Yellow journalism was a term coined back in the mid-1890’s by New York City newspapers. It was a form of journalism based upon sensationalism, offensive exaggeration and minimal to no legitimate researched news. Fast forward to 2017. Thanks to social media we now call it “Fake News!”
Initially the internet facilitated the sharing of knowledge. Web 2.0, specifically social media platforms added the element of engagement. Unfortunately, a proliferation of fake news sites began to surface in recent years deliberately publishing disinformation, in some cases pure propaganda to influence readers for political and financial reasons. Fake news has become a major issue with a majority of U.S. adults, 62% getting their news via social media (Pew Research Center in a survey conducted 1/12/16 – 2/8/16).
Did fake news have an influence on our 2016 election? Tim Cook leader of Apple said: “The spread of fake news online is one of one of today’s chief problems.” Back in December Facebook began flagging fake news stories with the help of users and outside independent fact checkers. In Europe, they have teamed up with Google and other news organizations to launch an initiative to address the issue, specifically in France with its election just around the corner (April/May).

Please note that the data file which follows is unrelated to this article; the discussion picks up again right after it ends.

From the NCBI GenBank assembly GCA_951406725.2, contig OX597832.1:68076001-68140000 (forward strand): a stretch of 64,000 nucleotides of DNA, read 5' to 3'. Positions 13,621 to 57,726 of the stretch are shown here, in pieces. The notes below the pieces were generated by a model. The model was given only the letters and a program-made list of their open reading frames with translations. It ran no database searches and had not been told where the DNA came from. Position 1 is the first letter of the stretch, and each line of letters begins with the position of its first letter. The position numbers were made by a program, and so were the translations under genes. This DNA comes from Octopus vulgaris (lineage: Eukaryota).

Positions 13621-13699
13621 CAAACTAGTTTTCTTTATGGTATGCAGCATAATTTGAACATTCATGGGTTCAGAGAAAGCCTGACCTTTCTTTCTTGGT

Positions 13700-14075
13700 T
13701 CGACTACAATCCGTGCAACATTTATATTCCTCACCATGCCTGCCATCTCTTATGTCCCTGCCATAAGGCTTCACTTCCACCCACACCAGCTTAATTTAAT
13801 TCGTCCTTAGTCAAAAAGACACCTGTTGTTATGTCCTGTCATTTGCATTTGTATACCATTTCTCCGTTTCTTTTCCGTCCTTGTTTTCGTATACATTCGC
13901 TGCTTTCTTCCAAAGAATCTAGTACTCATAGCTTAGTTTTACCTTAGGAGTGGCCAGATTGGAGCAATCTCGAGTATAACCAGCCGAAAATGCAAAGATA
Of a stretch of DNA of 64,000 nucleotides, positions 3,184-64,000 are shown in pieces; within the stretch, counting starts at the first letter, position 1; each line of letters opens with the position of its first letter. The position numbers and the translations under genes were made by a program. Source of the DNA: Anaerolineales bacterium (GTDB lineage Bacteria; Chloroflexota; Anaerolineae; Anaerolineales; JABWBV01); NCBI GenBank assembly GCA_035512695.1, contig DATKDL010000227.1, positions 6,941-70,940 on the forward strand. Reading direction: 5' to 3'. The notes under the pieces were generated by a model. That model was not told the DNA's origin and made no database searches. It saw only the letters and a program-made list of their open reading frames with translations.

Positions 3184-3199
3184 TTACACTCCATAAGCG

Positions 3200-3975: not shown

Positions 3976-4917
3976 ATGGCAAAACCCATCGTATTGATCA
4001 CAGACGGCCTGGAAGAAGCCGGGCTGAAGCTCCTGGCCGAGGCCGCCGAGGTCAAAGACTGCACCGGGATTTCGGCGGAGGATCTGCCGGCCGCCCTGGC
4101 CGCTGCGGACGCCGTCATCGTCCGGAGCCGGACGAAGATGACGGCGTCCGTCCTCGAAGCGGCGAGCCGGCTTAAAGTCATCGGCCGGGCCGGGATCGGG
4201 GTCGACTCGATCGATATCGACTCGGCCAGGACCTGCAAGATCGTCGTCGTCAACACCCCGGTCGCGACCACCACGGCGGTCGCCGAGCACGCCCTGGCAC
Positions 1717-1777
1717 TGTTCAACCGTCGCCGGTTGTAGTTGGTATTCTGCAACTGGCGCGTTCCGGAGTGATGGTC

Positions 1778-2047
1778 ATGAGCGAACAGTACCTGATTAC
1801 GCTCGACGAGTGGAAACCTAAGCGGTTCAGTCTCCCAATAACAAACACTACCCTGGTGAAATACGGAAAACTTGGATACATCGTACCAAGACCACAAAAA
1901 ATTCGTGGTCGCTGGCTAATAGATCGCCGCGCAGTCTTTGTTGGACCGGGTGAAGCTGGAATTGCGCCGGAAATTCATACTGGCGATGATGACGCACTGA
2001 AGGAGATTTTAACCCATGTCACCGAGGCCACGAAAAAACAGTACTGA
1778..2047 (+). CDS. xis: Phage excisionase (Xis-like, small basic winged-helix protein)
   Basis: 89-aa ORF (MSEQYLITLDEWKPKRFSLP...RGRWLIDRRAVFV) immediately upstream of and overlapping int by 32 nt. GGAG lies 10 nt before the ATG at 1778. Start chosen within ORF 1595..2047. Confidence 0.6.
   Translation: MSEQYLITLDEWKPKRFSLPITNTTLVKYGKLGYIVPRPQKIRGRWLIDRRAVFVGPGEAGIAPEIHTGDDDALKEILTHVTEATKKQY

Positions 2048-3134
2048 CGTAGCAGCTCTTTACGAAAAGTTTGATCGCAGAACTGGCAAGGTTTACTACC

At the end of December, CNBC.com detailed the top fake news stories of 2016. Included in their fact-checked article was data accumulated by internet media company BuzzFeed. The top fake news stories generated approximately two million Facebook engagements in the three months leading up to the election in comparison to the top performing Facebook article for the New York Times attaining a little over 370,000 engagements.
Fake News, Yellow Journalism 2.0!
“A lie gets halfway around the world before the truth has a chance to get its pants on.”
– Winston Churchill (pre-Web 2.0)
What will come of all this? How will we trust sources?